Marietta officials discuss meetings location
MARIETTA – City council members met as a committee of the whole Wednesday to discuss developing a permanent space where council and committee meetings could be held.
Council committee sessions are held in the second floor conference room at 304 Putnam St., while the twice-a-month regular council meetings are conducted in the community building at Lookout Park on Harmar Hill.
“My main objection to Lookout Park is that it’s too remote,” said council president Walt Brothers. “I would rather have a location closer to the downtown area.”
Neither of the meeting locations is easily accessible for people with disabilities, and committee meetings in the room at 304 Putnam St. are often overcrowded, forcing some attendees to stand or sit outside the room in an adjacent hallway.
Preliminary plans for renovation of Marietta’s City Hall building show a city council chambers or general meeting area in the basement, but council members on Wednesday did not support that location, noting access to the basement room would be difficult for the general public.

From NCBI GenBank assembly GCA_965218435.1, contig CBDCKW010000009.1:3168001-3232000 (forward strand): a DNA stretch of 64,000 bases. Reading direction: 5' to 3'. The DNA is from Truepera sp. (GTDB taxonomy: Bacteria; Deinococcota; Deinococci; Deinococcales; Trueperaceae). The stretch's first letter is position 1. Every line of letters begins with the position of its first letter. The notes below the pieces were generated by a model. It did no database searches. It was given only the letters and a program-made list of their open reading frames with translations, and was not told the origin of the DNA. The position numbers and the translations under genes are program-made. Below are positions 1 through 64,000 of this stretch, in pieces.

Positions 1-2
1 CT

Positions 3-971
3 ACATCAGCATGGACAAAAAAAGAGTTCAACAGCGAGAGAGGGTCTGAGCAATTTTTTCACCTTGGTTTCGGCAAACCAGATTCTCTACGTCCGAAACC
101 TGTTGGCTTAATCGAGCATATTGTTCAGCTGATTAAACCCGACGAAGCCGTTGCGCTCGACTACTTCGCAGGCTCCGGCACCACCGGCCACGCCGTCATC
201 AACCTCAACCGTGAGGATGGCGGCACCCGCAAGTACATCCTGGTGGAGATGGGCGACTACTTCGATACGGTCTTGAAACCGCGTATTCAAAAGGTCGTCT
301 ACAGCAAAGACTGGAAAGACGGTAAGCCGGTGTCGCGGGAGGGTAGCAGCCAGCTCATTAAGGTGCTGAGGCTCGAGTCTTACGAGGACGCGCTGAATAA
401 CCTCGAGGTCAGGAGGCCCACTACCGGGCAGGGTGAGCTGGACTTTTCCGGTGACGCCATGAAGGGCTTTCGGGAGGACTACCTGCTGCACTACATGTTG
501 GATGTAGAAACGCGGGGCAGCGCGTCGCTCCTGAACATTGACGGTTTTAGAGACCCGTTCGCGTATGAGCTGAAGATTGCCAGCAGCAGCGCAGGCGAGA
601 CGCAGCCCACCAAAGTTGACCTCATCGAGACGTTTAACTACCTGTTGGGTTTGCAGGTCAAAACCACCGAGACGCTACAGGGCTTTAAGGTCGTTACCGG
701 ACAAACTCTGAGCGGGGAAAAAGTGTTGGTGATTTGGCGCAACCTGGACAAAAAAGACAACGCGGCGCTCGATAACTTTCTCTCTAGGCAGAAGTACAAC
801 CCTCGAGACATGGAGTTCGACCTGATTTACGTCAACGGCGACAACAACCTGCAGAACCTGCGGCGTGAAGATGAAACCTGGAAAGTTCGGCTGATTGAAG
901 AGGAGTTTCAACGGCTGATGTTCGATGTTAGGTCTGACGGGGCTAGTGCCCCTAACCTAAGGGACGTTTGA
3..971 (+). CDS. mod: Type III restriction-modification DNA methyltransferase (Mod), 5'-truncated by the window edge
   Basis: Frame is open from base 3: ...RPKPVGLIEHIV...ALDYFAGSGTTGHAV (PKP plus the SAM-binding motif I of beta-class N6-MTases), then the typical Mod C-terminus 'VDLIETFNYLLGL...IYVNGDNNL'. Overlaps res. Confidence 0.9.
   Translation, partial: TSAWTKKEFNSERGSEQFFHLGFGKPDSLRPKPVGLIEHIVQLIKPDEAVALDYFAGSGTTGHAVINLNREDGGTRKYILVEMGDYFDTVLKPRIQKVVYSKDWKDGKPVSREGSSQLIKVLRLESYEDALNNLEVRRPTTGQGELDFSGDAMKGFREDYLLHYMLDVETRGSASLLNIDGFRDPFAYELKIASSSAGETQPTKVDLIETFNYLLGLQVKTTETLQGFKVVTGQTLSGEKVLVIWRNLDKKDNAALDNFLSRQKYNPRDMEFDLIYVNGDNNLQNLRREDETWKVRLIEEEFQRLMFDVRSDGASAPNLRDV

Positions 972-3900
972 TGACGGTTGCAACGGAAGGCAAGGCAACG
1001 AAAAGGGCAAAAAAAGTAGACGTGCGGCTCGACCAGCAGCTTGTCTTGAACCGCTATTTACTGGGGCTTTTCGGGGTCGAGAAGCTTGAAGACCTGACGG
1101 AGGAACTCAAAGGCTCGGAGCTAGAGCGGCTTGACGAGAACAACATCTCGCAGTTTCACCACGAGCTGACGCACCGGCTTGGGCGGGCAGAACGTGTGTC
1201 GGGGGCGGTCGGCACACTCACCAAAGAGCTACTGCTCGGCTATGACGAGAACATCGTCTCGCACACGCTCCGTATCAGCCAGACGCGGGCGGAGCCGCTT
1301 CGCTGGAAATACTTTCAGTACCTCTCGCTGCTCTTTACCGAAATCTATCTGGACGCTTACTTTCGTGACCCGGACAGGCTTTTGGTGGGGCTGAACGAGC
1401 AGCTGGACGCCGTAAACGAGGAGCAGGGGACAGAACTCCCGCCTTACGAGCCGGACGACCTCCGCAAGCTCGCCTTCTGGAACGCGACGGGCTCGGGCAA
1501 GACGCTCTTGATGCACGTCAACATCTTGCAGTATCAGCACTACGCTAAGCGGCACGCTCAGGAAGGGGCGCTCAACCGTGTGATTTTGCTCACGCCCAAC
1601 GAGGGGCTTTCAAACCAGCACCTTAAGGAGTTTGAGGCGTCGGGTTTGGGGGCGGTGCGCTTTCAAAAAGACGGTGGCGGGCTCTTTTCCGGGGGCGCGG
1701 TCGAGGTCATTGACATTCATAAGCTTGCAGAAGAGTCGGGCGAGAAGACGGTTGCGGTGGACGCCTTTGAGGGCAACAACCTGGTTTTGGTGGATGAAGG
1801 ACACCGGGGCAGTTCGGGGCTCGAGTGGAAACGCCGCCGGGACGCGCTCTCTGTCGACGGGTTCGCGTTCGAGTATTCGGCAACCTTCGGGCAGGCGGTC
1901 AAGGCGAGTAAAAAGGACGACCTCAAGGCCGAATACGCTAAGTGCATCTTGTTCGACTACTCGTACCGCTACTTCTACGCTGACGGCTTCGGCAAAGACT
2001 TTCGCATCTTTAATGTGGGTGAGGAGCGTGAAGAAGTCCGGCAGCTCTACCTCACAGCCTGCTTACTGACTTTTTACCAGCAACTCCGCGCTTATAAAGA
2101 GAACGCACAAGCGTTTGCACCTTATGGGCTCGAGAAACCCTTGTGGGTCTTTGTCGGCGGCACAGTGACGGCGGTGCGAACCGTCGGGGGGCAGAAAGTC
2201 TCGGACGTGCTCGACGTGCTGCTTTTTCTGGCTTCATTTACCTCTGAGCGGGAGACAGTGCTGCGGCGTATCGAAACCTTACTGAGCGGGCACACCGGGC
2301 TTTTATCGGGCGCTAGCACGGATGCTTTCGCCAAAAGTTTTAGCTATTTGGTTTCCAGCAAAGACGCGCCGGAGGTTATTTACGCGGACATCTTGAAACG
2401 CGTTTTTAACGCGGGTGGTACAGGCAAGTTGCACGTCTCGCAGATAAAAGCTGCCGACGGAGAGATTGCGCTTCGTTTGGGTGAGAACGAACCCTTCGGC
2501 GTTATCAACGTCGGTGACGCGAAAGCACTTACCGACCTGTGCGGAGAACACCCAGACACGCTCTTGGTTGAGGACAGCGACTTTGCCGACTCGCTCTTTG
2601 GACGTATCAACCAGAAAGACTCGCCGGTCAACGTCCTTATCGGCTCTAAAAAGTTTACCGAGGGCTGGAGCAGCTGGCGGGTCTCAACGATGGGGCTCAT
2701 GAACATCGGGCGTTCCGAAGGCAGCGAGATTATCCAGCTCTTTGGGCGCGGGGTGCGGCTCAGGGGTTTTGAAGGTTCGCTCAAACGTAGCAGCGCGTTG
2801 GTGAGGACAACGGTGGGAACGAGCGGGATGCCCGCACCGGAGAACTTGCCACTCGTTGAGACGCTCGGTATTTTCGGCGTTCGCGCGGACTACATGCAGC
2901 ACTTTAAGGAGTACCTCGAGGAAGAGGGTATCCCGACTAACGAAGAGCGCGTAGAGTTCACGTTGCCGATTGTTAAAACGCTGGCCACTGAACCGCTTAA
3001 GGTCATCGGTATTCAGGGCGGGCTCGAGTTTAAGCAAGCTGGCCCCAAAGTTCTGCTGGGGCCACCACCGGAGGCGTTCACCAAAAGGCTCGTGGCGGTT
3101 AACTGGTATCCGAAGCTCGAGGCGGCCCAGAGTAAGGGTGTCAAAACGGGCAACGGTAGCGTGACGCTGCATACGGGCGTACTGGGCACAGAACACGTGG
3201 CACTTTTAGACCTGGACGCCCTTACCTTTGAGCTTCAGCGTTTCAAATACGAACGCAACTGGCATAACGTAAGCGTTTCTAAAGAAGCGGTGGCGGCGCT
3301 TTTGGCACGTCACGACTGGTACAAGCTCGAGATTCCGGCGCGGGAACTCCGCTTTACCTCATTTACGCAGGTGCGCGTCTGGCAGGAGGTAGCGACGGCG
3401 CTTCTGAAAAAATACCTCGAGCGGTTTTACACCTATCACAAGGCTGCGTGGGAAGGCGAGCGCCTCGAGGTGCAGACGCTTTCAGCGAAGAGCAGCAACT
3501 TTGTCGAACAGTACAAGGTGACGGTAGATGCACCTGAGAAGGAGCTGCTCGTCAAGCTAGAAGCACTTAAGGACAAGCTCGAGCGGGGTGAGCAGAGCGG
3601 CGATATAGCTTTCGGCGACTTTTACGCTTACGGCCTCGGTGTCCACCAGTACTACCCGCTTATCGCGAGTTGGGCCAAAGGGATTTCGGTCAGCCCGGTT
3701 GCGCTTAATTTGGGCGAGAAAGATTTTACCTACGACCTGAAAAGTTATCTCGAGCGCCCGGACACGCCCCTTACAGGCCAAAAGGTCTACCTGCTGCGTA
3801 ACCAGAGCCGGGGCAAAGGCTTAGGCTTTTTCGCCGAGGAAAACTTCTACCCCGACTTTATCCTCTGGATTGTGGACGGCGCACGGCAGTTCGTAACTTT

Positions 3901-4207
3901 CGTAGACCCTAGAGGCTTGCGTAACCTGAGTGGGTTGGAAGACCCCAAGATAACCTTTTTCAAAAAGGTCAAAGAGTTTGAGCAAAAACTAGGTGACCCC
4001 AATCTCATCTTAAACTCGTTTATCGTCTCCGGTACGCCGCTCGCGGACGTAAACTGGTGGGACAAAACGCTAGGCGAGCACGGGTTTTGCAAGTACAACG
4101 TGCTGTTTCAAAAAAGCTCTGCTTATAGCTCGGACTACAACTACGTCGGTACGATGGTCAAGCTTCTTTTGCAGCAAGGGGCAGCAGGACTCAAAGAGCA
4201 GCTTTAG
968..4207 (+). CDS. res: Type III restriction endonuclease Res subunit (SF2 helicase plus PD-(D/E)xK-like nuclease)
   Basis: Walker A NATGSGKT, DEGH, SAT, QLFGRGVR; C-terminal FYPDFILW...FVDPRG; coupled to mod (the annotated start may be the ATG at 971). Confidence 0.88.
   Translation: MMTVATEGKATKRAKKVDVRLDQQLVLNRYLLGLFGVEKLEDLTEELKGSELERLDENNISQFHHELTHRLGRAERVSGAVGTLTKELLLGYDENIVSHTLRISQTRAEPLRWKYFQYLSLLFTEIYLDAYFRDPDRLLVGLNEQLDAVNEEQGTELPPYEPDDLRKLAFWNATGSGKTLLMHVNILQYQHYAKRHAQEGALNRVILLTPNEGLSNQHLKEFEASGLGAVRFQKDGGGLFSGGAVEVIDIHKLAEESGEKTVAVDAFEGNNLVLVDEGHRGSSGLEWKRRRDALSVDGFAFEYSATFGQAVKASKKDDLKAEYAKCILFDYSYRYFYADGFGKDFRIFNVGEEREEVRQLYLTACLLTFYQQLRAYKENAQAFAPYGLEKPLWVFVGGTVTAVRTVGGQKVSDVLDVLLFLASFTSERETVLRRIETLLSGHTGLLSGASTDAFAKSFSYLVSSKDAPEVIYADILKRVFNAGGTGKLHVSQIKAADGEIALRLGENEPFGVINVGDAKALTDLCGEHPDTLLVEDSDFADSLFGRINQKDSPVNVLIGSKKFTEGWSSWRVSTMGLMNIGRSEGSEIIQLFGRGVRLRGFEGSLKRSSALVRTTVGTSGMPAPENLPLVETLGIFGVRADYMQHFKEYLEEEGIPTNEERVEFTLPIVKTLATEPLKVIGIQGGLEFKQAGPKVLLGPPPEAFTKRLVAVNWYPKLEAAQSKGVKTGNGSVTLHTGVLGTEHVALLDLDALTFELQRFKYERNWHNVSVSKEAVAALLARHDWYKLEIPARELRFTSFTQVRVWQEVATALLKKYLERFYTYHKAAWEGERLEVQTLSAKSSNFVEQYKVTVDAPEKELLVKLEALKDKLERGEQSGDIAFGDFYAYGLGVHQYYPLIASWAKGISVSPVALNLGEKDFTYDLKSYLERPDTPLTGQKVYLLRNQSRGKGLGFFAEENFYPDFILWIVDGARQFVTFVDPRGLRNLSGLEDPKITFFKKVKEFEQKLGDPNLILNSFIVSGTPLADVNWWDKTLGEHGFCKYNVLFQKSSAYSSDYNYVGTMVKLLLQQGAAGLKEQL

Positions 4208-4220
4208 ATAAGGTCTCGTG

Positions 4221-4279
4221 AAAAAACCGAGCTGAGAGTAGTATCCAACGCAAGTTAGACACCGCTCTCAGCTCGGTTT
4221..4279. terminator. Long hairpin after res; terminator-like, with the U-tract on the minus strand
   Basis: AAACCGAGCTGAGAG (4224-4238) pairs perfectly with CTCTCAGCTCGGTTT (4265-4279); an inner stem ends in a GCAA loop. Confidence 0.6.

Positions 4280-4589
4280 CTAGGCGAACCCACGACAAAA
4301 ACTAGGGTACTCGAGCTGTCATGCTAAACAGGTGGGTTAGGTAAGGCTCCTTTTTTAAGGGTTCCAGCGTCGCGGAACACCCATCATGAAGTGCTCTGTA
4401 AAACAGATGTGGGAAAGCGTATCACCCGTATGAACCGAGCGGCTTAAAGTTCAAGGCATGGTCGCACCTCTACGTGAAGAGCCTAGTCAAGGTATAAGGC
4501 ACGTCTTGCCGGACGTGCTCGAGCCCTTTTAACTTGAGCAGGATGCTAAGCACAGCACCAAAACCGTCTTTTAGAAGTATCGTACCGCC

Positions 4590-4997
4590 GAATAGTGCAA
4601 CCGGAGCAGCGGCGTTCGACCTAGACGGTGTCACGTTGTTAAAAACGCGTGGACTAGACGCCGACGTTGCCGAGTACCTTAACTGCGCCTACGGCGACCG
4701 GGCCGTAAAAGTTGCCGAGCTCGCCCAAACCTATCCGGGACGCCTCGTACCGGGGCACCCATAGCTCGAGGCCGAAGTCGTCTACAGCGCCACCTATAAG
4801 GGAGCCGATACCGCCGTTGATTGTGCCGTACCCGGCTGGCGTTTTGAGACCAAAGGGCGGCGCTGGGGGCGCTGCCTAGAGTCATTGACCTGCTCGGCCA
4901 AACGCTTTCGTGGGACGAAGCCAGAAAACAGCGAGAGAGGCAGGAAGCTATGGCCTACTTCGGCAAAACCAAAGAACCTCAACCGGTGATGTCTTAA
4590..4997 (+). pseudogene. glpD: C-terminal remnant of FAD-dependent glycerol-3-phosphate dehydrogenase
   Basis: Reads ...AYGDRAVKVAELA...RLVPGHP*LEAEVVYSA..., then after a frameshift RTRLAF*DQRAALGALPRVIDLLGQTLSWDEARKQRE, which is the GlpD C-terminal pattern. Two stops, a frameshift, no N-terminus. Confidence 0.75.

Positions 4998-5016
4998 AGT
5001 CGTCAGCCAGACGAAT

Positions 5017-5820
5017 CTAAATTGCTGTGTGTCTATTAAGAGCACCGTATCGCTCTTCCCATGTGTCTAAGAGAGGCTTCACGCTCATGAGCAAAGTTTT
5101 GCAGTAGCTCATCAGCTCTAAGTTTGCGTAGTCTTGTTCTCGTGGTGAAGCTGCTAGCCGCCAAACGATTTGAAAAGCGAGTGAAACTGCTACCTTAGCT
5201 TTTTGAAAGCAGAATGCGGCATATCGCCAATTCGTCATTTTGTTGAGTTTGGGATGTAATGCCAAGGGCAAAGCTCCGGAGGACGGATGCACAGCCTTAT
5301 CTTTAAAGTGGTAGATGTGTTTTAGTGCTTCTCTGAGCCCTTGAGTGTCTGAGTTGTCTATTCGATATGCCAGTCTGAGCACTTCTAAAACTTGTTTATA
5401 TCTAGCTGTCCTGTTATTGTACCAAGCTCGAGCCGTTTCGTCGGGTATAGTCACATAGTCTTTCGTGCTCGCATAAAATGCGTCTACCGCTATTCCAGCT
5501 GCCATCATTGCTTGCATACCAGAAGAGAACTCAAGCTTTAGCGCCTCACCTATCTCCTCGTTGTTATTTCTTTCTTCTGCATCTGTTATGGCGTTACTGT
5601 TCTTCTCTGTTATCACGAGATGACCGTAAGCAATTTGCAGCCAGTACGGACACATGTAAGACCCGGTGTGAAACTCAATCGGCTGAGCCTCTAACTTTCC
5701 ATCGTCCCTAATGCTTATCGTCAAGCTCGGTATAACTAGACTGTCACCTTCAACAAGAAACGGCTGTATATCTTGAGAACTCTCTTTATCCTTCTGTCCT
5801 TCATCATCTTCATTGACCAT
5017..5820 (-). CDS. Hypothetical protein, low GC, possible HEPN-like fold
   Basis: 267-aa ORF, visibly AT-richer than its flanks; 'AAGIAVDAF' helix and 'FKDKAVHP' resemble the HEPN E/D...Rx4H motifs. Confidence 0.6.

The possibility of creating council chambers in the renovated National Guard Armory was negated due to cost liabilities for the city.
“It looks like we’re coming down to a room in the basement of the new municipal court building (on the corner of Third and Butler streets) or a location on the first floor of the building across the way (at 308 Putnam St.),” Brothers said.
City engineer Joe Tucker said he had discussed the potential location of city council chambers in the above-ground basement area of the municipal court with Judge Janet Dyar Welch.
“I didn’t want to spend time working on plans for that area if it’s not going to be acceptable to the judge,” Tucker said. “But she was pretty busy at the time and said she would have to take some time to think about it.”
Brothers noted the ground floor of 308 Putnam St., which houses the city auditor and treasurer’s offices, would be available for a council chamber after those offices move to the city hall building once renovations are completed there.
“I think we should look at both of those locations,” he said. “But I would look at the municipal court location first.”
Councilman Tom Vukovic, D-4th Ward, said if 308 Putnam is selected it would require renovation of that building and a new roof, which would be costly.
“The financial analysis would favor the municipal court area,” he said. “Then the city could sell 308 Putnam and not be burdened with future operation and maintenance costs there.”
Brothers said he would approach Welch about the possibility of locating the chambers at the municipal court site.